Are itemized deductions worth the effort?

Knowing the difference between the standard and itemized deduction might save you a lot of time and trouble, and some taxes to boot.

The IRS gives taxpayers a choice of using the standard deduction or an itemized list of qualified deductions to calculate their taxable income. For taxpayers with large mortgages or charitable donations, it’s a no-brainer; they come out ahead by itemizing. For others, it boils down to a question of whether it’s worth the trouble of sifting through all their records and receipts.

To put things in perspective, the standard deduction for 2015 will be $6,300 for single filers, $12,600 for those married filing jointly. If you or your spouse are over 65 or blind, the standard deduction is a little higher. So if your total mortgage interest, property taxes, and charitable donations are normally less than those figures, you will probably be better off with the standard deduction.

But that’s not the end of it. If you have a large out-of-pocket medical bill in one year, it might tip the scale toward itemizing. Only qualified medical expenses exceeding 10% of your adjusted gross income (AGI) are deductible, but the threshold is 7.5% of AGI through 2016 if you are age 65 or older. After 2016, it’s 10% for everyone. If you think you will qualify for a medical expense deduction this year, consider adding other deductions such as extra charitable donations before December 31 to maximize your tax savings.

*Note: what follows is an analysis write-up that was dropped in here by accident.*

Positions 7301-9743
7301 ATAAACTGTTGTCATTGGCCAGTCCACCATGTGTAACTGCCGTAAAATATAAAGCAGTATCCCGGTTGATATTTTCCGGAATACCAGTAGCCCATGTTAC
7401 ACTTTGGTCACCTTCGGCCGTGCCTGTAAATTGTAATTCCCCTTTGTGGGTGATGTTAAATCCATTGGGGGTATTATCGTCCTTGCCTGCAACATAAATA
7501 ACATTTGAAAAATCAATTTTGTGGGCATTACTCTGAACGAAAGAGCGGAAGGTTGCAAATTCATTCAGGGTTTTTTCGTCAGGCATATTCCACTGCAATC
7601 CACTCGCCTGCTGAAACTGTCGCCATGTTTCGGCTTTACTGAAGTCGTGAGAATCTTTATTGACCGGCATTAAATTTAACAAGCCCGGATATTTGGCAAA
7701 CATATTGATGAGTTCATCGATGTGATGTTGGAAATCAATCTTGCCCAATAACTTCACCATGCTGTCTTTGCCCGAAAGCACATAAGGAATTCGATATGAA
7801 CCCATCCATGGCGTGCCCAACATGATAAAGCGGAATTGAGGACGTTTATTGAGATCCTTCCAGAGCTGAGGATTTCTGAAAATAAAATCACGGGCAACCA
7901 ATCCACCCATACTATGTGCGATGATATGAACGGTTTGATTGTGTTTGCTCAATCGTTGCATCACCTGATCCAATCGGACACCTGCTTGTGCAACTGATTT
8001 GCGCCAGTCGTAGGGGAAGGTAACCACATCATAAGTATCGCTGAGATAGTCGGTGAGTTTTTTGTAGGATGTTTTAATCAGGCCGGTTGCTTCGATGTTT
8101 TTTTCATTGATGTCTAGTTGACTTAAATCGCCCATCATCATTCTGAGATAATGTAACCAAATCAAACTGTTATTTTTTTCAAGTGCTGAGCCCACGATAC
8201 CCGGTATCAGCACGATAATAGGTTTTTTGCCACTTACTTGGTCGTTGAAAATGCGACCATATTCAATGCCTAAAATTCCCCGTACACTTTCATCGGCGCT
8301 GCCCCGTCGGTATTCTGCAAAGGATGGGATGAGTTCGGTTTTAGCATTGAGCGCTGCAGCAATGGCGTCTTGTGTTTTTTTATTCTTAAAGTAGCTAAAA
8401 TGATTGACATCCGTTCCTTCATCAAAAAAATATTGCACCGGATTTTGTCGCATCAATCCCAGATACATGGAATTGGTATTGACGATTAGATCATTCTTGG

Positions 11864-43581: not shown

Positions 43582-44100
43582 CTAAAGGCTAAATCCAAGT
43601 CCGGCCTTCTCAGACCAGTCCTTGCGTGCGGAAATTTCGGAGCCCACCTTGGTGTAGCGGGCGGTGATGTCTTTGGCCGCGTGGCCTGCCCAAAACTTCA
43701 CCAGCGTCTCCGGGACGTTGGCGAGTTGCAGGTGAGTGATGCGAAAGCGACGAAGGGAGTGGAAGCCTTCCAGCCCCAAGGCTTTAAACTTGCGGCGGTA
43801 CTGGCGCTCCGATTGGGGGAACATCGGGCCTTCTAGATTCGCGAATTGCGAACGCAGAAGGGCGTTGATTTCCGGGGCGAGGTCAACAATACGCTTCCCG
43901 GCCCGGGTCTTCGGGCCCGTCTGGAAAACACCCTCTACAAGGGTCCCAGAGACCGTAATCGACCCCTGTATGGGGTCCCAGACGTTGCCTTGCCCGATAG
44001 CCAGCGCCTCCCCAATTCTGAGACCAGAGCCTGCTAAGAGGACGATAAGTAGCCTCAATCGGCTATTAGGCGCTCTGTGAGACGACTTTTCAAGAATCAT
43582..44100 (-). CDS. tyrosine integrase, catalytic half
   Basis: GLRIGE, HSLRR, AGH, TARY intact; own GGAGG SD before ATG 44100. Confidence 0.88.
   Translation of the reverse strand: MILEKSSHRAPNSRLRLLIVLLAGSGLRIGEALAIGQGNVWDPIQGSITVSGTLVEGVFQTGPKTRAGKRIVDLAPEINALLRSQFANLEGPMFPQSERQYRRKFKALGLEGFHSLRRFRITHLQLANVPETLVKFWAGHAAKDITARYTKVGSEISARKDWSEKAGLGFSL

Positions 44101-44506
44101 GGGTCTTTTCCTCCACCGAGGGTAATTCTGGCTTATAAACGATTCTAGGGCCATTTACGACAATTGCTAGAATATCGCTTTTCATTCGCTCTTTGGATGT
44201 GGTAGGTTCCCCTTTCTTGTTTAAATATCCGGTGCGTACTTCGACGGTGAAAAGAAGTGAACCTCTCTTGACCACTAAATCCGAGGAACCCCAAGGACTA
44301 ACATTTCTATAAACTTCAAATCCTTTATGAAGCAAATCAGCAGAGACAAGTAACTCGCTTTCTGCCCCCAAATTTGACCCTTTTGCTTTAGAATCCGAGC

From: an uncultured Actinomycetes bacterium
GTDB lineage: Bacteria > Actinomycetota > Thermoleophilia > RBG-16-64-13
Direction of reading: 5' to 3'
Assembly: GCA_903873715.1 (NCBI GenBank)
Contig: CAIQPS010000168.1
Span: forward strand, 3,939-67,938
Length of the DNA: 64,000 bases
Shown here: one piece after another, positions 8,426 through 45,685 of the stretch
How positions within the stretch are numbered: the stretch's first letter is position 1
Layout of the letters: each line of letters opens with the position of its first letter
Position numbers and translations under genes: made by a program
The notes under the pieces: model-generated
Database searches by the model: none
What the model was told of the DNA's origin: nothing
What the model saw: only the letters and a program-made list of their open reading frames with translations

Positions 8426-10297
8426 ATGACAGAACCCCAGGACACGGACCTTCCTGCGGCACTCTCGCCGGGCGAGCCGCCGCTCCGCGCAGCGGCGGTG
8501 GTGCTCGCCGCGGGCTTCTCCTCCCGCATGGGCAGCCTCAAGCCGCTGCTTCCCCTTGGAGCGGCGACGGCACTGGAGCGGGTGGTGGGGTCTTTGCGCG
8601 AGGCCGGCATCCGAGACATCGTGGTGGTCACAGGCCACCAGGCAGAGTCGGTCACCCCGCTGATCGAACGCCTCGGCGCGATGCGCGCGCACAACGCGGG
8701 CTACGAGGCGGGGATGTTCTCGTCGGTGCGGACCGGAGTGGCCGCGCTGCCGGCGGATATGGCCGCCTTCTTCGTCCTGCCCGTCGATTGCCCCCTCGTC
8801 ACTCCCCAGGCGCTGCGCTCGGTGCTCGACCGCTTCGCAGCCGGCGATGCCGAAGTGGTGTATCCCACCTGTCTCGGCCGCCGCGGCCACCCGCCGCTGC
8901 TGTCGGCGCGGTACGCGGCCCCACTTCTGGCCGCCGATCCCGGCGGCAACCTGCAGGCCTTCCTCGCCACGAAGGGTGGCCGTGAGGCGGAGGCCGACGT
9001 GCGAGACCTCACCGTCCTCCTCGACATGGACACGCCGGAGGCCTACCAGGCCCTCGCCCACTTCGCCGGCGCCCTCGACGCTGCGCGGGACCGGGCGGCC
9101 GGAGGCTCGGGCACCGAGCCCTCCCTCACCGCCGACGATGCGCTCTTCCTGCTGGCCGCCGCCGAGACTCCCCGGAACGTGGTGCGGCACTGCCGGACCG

Take note that if someone else can claim you as a dependent, you cannot take the full standard deduction, so you might be better off itemizing. Another wrinkle: Itemized deductions are limited when income reaches $258,250 for single filers, $309,900 for married filing jointly.

Keeping track of potential itemized tax deductions may be unnecessary in your situation, but before you make that call speak with a tax professional.

Accurate inventory numbers are crucial for your business

For many companies, inventory is a significant dollar amount on the company’s financial statements. So it’s crucial that recorded inventory balances reflect actual values. When such accounts aren’t properly stated, the cost of goods sold and current ratios – numbers that often matter to decision makers – may be skewed. If banks discover that your company’s inventory accounts are overstated, they may not extend credit. If, when necessary, inventories aren’t “written down” (their values lowered in the accounting records), fraud may go undetected or the company’s net profits may appear unrealistically rosy.

Inventories decline in value for a variety of reasons. You might be in the business of selling electronic equipment to retail customers. Over time, yesterday’s “latest and greatest” gadgets become today’s ho-hum commodities. Such goods still have value, but they can’t be sold at last year’s prices. Your inventory is experiencing “obsolescence.”

Inventory “shrinkage” is another term that’s often used to describe declining inventory values. Let’s say you run a construction materials company. Unbeknownst to you, a dishonest supervisor is skimming goods from your shelves. A periodic inventory count that’s compared to your company’s general ledger might show that inventory is declining faster than it’s being sold. As a result, you may decide to investigate and to reduce inventory values in your accounting records.